Monday, May 31, 2010

Colorado Rockies and Sierra Nevada Mountains

John and I have traveled extensively by rail in the states and the train journey on the California Zephyr through Colorado, Nevada and California is by far the most scenic trip of them all. After traveling all night(coming out of Omaha late Tuesday evening) we found ourselves awaking in Denver. Soon after that stop the train began chugging up the mountains to a height of about 9,000 feet. Snow capped mountains greeted us and below the tracks we could see the rushing waters of the Colorado River.
There were many people out rafting on the river. In one isolated area (accessible only by either boat or train) three young men mooned us as our train went by. The shear rock formations towering over the tracks were quite awesome to behold, as you may note in the picture below.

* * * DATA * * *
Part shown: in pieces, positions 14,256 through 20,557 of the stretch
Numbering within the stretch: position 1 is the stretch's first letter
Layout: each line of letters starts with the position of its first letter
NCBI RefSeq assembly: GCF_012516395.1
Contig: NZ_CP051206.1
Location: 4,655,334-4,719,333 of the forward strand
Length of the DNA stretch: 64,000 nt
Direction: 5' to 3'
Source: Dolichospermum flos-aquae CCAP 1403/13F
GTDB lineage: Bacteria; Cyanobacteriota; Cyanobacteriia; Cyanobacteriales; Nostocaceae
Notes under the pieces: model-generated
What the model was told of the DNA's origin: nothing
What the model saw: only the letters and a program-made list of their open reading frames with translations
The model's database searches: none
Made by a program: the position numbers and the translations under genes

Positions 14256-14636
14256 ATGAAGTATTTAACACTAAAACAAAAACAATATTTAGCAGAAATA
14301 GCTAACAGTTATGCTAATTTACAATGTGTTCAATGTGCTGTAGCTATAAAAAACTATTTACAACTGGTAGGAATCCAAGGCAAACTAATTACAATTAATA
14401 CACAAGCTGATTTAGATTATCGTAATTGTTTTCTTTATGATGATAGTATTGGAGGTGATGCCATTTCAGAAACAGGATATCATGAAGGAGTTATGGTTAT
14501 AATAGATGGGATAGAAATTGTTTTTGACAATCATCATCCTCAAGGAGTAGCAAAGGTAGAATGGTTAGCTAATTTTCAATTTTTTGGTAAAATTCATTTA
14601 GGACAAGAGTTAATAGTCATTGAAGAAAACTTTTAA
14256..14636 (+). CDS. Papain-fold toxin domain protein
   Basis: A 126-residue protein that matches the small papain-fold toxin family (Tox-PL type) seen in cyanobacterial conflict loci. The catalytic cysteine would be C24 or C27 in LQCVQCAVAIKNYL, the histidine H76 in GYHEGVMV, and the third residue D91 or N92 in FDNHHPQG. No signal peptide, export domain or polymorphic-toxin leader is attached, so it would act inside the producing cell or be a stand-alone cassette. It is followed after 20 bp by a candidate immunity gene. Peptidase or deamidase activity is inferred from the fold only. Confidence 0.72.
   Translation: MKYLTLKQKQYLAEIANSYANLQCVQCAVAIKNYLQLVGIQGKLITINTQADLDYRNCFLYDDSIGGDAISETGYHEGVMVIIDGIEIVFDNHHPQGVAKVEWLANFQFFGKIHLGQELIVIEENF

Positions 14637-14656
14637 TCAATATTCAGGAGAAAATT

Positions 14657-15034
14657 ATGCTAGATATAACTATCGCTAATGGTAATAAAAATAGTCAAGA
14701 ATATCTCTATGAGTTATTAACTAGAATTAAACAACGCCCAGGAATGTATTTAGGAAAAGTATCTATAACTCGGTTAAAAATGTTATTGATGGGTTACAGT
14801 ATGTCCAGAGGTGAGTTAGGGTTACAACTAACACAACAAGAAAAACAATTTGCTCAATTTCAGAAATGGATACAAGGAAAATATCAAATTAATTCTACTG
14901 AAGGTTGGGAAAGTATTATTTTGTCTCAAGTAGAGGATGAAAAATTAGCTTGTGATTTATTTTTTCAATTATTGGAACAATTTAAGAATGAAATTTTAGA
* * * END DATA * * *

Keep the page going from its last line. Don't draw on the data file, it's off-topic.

The sedimentary rock could be seen in many differing shades of reds, browns, yellows and grays. Also, not all of the formations had the height as shown in the picture above; some formations spread out in layers forming plateaus. The variations of rock was quite impressive. We have heard that this area is very complex geologically. That was easy to see.
 We had the fortune of dining at lunch with a geologist that day. He proved to be quite a repository of details regarding how the rocks were formed. He could also easily glance at a particular set of mountains and estimate their age. According to him some of them were as young as 60 million years, others as old as 900 million. It was also thrilling at that time to see a mountain goat gazing down on us from a mountain peak. And we were treated to many sightings of mule deer. The next day our train brought us through the Sierra Nevada Mountains. We found the weather to be quite cool  when we were allowed to step from the train for a few minutes. Later we noticed that it had started to snow! How is this for a winter scene at the end of May?

No comments:

Post a Comment